§5.  Finds of amphorae stoppers indicate that these containers arrived in Britain along with their contents (Wooding 1996, 81; Harry et al 1997, 81). Based on the types of amphorae, the likely contents included wine, sesame oil, rare oils and unguents, and olive oil (Campbell, Hill and Price 1997, 316). In addition to ceramics, there is evidence for the importation of exotic glass vessels from the Mediterranean (Harry et al 1997; Campbell, Hill and Price 1997, 297-300; Morris et al 1999, 214; Price 2000, 24-6; Campbell 2000, 38-9); inscribed gemstones, perhaps used for sealing letters and documents (Anon 2000); and possibly Byzantine silver vessels (Campbell and Lane 1993, 30). Furthermore, comparative evidence from the Mediterranean strongly suggests that pottery was never more than a minor component of cargoes, which primarily consisted of higher value and perishable wares such as silks (Campbell 1996c, 86-8).

§6.  There are, therefore, two seemingly very different trading patterns—they contrast in terms of the origin of the artefacts, the chronological range of the trade, the contexts in which the artefacts are found, and in the types of artefacts found. Nevertheless they are fundamentally similar insofar as both can be seen as continuous, directed trading from the Roman Empire to some of the least Romanised areas of Western Europe, involving goods that were clearly luxuries in the societies in which they are found.

Distribution and Context: Southern Scandinavia

§7.  Southern Scandinavia only becomes the main focus for Roman luxury imports around the beginning of the LRIA. Up to the end of the ERIA the evidence suggests that the imports reached Scandinavia by land, probably through Bohemia (Pearson 1989, 206). In this period the imports are concentrated in relatively few graves in Denmark. On the basis of locally produced materials present in the graves these should be described as rich to very rich/'princely' within their society and the number of imports in a grave is directly proportional to the number of locally produced items found in the grave (Hedeager 1978b). As Hedeager says, 'local wealth' would seem to have been 'an important pre-condition for the acquirement of traded Roman commodities' (218), with 75% of the imports found in graves with more than nine other separate artefact types.

§8.  The distribution of these rich import graves in East Jutland and on Funen and Zealand is very regular and this has been taken as indicative of local elite groups controlling small territories ca. 15-28 km in diameter (Pearson 1989, 210-12). However, on the island of Lolland the richest graves with greatest numbers of luxury imports seem to cluster in the south-west around the famous Hoby grave, with the import graves from this concentration generally being richer than those of Zealand to the north.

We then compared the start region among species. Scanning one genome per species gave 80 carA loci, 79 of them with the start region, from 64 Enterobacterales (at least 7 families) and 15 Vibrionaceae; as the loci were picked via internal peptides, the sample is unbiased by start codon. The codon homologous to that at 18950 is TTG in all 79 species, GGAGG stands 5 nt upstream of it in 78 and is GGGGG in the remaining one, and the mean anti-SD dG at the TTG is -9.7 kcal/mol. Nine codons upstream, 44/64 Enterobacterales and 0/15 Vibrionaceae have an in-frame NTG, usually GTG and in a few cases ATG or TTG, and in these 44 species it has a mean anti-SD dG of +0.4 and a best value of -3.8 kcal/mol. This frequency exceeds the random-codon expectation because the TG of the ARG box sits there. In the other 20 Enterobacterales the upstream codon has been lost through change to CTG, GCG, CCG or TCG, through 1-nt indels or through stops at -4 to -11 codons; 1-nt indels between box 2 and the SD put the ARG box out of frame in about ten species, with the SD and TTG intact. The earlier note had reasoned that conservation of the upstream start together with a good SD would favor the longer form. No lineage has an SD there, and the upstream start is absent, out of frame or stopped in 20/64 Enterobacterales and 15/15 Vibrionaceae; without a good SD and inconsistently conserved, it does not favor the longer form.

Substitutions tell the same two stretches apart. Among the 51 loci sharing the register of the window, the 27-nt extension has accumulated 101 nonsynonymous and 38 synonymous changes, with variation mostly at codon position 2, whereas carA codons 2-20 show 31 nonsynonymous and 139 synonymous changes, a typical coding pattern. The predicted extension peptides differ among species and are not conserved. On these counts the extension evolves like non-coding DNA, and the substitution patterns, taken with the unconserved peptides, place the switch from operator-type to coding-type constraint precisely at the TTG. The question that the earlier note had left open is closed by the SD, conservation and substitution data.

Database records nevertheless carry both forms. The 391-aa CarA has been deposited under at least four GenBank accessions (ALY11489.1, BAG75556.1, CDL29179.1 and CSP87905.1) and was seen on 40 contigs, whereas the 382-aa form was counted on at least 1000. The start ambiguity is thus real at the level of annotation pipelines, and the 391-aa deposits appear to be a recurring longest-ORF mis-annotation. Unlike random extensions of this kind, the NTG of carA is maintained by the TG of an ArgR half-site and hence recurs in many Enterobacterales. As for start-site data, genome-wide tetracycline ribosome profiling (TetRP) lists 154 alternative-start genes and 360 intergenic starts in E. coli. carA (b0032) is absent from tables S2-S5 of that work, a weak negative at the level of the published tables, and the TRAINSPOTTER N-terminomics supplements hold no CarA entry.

§9.  In the LRIA the situation changes somewhat. Exceptional numbers of imports reached Denmark (largely from workshops in Northern Gaul), compared with other areas, and the trade in Roman luxuries was probably being directly focussed on Denmark and the Baltic, conducted via the sea (Hansen 1989). This conclusion is confirmed by the fact that the LRIA fine glassware and painted cups are largely confined to the west Baltic (Todd 1992, 90-1).

§10.  Another change is that the number of graves in which these imports are found increases—in the LRIA only 35% of the total number of imports are found in graves with more than nine separate artefact types (Hedeager 1978b, 218). There are similarly important changes in the distribution of the import graves. In East Jutland, west Funen and Lolland the number of import graves declines sharply, whilst in East Funen and Zealand there is a noticeable concentration (Pearson 1989, 212-18; Hedeager 1987). In both the latter regions, the regular pattern of distribution from the previous century disappears, and is replaced by a pattern similar to that in Lolland during the ERIA, namely definite groupings of graves in a particular area.

§11.  This concentration of burials is most noticeable on Zealand, particularly on Stevns, where the richest graves with the greatest number of imports in Southern Scandinavia are found. This group is surrounded by an empty area of ca. 20 km without any finds and then, after this, four smaller concentrations situated in a semicircle around Stevns. Beyond these, there are a few scattered import graves but no significant groupings. Because most of the Roman imports—greatly increased since the ERIA—are found in this area, it is seen as both a centre for its local region and for the Baltic as a whole. Roman goods were exchanged in Zealand and then redistributed to the rest of Scandinavia and the Baltic coast, via local trading and/or elite exchange (Jensen 1982, 248 ff.; Hedeager 1978b, 222; Hansen 1989).